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Student files class action lawsuit against SU over data breach that affected 10,000

Nabeeha Anwar | Illustration Editor

The breach the lawsuit refers to occurred late on Sept. 25 after a university employee fell victim to a phishing attack.

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A Syracuse University student affected by a data breach that exposed the names and Social Security numbers of nearly 10,000 students, alumni, and applicants is suing the university for negligence. 

The class action lawsuit, which was filed in Onondaga County Supreme Court on Thursday, alleges that inadequate cybersecurity protocols and poor staff training at SU left thousands of people’s personally identifiable information vulnerable. The plaintiff filed the case after an unauthorized charge was made to his checking account following the breach. He is requesting a trial by jury. 

The university doesn’t comment on pending litigation, said Sarah Scalese, senior associate vice president for university communications, in a statement to The Daily Orange.

The breach the lawsuit refers to occurred late on Sept. 25 after a university employee fell victim to a phishing attack in which the employee clicked a link and exposed their credentials to a “malicious actor.” 

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The university locked the compromised account on Sept. 28, and SU’s Information Technology Services tried to establish what information had been exposed. The department didn’t detect that any files were accessed or copied by the unauthorized party but couldn’t prove that the files weren’t accessed either, said Steven Bennett, senior vice president for international programs and academic operations, told The D.O. in February. 

On Oct. 6, SU hired a firm that specializes in data security to assist with the investigation. The firm finished its investigation on Jan. 4, but it was unable to confirm whether files containing names and Social Security numbers had been accessed. The university sent letters to those whose information was exposed on Feb. 4.

The lawsuit alleges that SU’s four-month delay notifying those affected by the breach compounded the actual and potential harm of the security failure.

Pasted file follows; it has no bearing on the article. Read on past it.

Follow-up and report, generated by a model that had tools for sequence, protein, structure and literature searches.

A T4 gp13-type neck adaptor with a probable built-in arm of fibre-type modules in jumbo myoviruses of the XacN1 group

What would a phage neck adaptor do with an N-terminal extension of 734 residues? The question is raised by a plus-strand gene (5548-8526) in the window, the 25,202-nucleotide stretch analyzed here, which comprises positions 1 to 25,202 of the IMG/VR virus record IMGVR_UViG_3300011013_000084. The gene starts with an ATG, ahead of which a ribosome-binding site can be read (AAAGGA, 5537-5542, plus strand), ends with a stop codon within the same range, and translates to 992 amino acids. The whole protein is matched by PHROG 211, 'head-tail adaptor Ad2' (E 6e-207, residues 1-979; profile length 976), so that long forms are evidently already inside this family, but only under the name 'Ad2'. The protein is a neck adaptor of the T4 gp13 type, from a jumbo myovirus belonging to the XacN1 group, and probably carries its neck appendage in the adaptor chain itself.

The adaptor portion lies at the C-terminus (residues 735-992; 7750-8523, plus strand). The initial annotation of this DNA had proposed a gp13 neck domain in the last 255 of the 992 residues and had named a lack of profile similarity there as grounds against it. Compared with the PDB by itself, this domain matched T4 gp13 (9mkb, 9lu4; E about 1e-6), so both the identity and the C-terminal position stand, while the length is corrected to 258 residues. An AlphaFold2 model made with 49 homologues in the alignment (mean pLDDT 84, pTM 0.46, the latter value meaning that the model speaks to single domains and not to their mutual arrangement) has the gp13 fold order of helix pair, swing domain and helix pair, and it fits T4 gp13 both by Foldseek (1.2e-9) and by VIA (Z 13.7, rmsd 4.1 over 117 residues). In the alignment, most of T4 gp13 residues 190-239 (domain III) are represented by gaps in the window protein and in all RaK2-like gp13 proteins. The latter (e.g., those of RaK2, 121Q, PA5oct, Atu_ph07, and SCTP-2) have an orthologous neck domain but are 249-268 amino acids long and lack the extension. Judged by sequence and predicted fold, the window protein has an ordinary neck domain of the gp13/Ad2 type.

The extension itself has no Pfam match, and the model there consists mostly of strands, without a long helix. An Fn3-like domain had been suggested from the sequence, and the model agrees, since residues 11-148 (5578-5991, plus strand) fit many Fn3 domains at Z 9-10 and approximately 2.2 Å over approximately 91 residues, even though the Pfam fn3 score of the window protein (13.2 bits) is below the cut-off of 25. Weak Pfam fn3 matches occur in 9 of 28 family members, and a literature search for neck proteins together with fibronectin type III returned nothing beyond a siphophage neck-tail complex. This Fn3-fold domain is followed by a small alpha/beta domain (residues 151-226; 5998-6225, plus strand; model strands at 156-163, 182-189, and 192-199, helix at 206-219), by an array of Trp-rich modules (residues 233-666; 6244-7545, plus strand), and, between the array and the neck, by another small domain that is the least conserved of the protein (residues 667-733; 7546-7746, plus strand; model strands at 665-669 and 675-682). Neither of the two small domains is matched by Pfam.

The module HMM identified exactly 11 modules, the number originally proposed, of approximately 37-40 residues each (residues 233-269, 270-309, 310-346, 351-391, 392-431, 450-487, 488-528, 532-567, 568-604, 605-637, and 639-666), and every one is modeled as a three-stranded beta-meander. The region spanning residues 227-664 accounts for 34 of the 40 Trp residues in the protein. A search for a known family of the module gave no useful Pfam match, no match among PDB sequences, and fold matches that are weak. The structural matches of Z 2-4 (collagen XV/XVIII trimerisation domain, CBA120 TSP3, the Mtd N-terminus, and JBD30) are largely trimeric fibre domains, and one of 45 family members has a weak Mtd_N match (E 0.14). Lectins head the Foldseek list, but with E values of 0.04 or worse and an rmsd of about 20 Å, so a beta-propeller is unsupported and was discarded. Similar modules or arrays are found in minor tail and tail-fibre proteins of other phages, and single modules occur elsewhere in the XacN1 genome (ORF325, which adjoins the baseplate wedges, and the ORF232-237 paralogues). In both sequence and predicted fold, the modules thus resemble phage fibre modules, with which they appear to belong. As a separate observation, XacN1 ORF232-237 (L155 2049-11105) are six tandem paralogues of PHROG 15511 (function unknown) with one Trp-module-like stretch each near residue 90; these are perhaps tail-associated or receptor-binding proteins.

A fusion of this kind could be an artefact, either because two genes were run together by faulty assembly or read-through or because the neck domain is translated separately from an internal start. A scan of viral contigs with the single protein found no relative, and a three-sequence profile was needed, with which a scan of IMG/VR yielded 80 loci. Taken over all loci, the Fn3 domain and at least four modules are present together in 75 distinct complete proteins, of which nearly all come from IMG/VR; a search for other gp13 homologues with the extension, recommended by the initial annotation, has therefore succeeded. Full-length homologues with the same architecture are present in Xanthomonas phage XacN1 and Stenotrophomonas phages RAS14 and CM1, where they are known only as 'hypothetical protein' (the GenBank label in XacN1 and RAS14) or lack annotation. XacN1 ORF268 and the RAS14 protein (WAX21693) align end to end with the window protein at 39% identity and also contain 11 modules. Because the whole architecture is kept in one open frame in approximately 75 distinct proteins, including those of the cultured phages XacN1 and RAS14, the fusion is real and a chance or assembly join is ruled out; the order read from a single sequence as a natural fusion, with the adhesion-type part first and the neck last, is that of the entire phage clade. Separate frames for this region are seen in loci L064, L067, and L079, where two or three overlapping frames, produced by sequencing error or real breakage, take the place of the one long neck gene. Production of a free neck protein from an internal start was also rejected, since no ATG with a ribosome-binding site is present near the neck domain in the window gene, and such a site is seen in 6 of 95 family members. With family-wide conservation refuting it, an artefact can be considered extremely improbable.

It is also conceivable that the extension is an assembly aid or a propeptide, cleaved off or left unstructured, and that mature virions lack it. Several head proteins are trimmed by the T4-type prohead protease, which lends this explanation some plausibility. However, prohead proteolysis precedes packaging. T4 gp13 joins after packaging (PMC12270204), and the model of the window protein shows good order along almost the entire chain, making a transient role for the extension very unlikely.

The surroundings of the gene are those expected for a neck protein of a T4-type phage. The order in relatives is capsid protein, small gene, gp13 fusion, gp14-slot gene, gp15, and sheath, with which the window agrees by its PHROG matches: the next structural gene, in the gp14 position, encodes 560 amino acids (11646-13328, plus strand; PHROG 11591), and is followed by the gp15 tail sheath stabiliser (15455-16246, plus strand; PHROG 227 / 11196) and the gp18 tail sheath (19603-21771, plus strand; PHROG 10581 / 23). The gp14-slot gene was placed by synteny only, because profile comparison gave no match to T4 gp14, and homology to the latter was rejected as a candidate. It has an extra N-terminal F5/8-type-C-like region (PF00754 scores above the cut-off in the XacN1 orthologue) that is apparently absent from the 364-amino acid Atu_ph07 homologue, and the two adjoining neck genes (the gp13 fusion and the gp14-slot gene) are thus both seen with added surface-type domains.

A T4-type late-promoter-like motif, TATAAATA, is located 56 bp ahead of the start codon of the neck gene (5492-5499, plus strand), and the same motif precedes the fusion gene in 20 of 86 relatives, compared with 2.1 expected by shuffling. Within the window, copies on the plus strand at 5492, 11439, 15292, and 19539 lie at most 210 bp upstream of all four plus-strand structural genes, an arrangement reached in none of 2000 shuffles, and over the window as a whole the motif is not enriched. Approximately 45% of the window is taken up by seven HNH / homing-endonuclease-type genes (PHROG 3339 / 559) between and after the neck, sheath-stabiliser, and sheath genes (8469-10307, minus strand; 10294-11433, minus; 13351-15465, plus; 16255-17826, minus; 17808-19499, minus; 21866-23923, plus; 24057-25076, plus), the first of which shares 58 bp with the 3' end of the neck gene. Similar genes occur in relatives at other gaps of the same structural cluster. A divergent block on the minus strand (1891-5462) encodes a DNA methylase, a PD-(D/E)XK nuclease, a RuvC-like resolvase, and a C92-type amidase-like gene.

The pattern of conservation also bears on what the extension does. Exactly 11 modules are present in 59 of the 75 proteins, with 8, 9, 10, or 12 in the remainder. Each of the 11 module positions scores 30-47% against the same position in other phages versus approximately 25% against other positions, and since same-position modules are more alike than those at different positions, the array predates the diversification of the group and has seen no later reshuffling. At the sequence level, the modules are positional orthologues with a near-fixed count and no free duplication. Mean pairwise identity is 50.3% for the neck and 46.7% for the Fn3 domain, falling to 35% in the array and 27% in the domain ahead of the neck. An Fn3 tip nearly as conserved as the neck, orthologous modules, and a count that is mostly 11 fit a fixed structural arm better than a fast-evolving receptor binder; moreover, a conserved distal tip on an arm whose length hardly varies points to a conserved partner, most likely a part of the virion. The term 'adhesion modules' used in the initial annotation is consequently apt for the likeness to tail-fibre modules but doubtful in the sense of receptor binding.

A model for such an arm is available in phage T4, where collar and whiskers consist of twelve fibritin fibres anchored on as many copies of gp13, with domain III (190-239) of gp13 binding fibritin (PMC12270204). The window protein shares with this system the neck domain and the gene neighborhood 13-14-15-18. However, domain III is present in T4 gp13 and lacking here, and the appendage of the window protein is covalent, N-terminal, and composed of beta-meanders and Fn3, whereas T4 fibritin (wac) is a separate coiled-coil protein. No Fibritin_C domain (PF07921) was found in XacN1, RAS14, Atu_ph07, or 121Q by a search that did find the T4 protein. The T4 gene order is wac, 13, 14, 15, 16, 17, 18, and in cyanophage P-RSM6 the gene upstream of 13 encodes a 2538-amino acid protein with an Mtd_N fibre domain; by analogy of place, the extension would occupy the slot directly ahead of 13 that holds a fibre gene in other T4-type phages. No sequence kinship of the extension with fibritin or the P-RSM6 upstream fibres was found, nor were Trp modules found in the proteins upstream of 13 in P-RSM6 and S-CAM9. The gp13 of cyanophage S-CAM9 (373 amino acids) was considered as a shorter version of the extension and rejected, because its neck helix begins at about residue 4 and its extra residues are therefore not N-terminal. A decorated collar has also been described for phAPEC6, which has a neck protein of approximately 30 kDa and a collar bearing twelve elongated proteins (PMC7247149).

SU officials defended their handling of the breach during an interview with The D.O. in February. State law requires that institutions inform people of data breaches via U.S. mail. Because the independent firm SU partnered with to send the notification letter had to track down the mailing addresses of applicants and others not enrolled at the university, the process took considerable time; still, SU said it believes its response time was average or slightly above average, officials said.

In response to the breach, the university said it would establish a task force to look at the management of digital documents. University officials also said it will increase training for staff to prevent another similar breach and will move the entire campus to a two-factor authentication sign-in system. 

SU partnered with Experian, a consumer credit and reporting company, to provide temporary, free credit monitoring and identity theft services to those affected by the breach. The lawsuit called the services “insufficient” given the long-term consequences of data breaches and alleged that SU offered those affected an “unreasonably short window of opportunity” to claim the services. 

Applicants, students, alumni and others affected by the breach relied on SU to safeguard their information, the lawsuit reads, “and while (SU) was in a position to protect against harm from a data breach, (it) negligently and carelessly squandered that opportunity.”

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